Generating an independent proof of equality for each point implies excess overhead in both computation and bandwidth consumption. Therefore, we employ a batch proof to show consistent key usage for an entire set of tokens at once. The proof is a parallelized Schnorr protocol for the common-exponent case taken from [Hen14] and adapted for non-interactivity:

Given (G, Y, q); (M_1,...,M_m), (Z_1, ... ,Z_m); Z_i = x(M_i) for i = 1...m

  1. Prover calculates a seed using a Fiat-Shamir transform:

     z = H_3(G, Y, M_1, ... , M_m, Z_1, ... , Z_m)
    
  2. Prover initializes PRNG(z) and samples from it to non-interactively generate

     c_1, ... , c_m <--$-- Z/qZ.
    
  3. Prover generates composite group elements M and Z

     M = (c_1*M_1) + (c_2*M_2) + ... + (c_m*M_m)
     Z = (c_1*Z_1) + (c_2*Z_2) + ... + (c_m*Z_m)
    
  4. Prover sends proof1

     (c, s) <-- DLEQ(Z/M == Y/G)
    
  5. Verifier recalculates the PRNG seed from protocol state2, generates the composite elements, and checks that c' == c as in the single-element proof above.

1In the actual instantiation of the protocol we also send the values of M and Z for both the batch and DLEQ proofs. The client then recomputes the values of M and Z themselves using the tokens in the response and checks that these values are equal before verifying the proof.

2The extension does not recompute the PRNG state currently, the value sent by the server is sent instead. Until this is done we consider the verification of batch DLEQ proofs by the extension to still be in beta.

We can see why this works in a reduced case for (M_1, M_2), (Z_1, Z_2), and (c_1, c_2):

Z_1 = x(M_1)
Z_2 = x(M_2)
(c_1*Z_1) = c_1(x*M_1) = x(c_1*M_1)
(c_2*Z_2) = c_2(x*M_2) = x(c_2*M_2)
(c_1*Z_1) + (c_2*Z_2) = x[(c_1*M_1) + (c_2*M_2)]

So the composite points will have the same discrete log relation x as the underlying individual points.

Attacks

We detail two potential attack vectors for a malicious edge/client and proposed mitigations.

Tagging by the edge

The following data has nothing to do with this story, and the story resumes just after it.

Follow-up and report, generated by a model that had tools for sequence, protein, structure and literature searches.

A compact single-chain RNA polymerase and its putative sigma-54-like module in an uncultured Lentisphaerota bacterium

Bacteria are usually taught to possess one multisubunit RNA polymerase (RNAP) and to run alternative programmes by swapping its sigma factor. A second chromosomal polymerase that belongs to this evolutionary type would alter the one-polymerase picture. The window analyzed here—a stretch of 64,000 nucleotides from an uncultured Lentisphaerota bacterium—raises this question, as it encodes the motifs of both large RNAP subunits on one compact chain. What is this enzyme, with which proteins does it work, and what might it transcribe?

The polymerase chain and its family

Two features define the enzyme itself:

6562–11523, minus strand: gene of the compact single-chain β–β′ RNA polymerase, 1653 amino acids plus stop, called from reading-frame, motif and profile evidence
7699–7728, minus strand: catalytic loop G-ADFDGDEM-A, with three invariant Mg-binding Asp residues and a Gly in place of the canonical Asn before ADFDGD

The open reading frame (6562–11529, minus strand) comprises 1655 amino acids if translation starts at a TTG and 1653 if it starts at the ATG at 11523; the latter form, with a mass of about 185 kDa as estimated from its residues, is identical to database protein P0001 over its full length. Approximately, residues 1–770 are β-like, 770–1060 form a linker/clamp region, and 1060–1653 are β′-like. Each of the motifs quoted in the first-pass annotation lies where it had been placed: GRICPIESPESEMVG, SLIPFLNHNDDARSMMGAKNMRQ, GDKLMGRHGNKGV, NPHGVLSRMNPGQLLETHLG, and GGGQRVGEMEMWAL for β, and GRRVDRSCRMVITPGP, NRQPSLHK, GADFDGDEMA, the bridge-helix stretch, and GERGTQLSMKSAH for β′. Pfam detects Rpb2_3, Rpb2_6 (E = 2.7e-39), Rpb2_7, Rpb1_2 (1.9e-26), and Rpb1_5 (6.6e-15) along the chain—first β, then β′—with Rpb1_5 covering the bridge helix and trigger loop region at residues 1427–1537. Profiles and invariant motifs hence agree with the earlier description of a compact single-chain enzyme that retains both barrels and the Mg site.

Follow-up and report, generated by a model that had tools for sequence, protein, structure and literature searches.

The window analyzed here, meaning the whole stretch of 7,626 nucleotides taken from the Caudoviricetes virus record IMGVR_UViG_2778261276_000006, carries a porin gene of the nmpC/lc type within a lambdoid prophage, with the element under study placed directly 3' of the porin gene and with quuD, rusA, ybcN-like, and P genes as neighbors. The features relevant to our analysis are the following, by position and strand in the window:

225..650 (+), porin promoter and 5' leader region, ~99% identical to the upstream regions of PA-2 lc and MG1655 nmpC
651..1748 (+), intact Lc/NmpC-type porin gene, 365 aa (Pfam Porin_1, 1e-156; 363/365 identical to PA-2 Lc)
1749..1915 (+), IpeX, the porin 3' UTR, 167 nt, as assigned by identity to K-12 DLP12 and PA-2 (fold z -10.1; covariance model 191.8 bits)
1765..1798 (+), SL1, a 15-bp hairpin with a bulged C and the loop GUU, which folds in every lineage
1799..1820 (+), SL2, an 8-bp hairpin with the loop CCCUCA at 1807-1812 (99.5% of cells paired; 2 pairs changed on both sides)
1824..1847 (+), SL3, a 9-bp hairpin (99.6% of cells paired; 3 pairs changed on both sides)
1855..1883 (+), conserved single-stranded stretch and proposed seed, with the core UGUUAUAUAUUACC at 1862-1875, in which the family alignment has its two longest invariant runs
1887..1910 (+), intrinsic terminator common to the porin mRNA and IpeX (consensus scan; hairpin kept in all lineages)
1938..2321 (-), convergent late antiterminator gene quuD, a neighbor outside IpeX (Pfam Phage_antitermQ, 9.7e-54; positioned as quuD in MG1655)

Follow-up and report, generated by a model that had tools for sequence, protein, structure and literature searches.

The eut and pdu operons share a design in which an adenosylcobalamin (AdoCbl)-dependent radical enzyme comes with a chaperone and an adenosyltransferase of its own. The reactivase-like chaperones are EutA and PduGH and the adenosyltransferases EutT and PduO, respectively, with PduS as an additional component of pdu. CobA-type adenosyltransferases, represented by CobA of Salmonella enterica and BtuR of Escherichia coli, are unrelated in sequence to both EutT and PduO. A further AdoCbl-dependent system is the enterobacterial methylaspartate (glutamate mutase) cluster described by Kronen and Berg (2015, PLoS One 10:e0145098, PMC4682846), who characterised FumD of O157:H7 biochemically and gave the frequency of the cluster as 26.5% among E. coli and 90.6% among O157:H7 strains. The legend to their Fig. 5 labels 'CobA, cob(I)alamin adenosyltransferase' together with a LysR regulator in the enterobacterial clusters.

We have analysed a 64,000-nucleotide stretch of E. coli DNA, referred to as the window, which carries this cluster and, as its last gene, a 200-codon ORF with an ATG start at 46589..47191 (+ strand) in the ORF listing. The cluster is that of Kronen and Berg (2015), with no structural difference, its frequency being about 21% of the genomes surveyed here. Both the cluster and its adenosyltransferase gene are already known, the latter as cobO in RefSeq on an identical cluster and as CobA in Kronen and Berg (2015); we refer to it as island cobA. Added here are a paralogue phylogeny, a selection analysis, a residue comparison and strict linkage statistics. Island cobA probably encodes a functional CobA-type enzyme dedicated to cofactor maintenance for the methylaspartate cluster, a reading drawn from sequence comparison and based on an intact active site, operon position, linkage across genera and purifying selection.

The major risk for users is the lack of validation. There's no way for the user to know if they have been given a bad/tagged Z value until they attempt to redeem, which might be a linkable operation.

The basic attack works by using a unique x value for each batch of issued tokens. Later, the edge can try validating redemptions with each key to link the request to both the issuance request and all other redemptions from the same batch. Structured choices of key (e.g. sequential) allow these bulk checks to be relatively efficient.

We assume that the proof of consistent discrete logarithm is sufficient to guard against this and other key-related edge-side tagging attacks. Alternatively or additionally, if the edge publishes historical key values then auditors who save their signed token results can check for honesty retroactively.

What else the user needs to validate remains an open question.

Stockpiling of passes

The major risk to the edge is that a malicious user might somehow acquire enough privacy passes to launch a service attack, for instance by paying people to solve CAPTCHAs and stockpile the resulting passes.

We mitigate this in-protocol in two ways. First, by limiting the number of passes that a user can request per challenge solution. Secondly, and more effectively, by enabling fast key rotation by the edge. The edge declares an epoch for which passes will be valid, and at the end of that epoch rotates the key it uses to sign and validate passes. This has the effect of invalidating all previously-issued passes and requiring a stockpiling attacker to solve challenges close to the time they want to launch an attack, rather than waiting indefinitely. In practice, we could also use a 'sliding window approach' so that tokens from the last epoch are not immediately invalidated, this will make epoch transitions smoother for clients. Note here though that we leak a bit of anonymity with respect to the set of clients that are using tokens signed by one of the keys that are valid.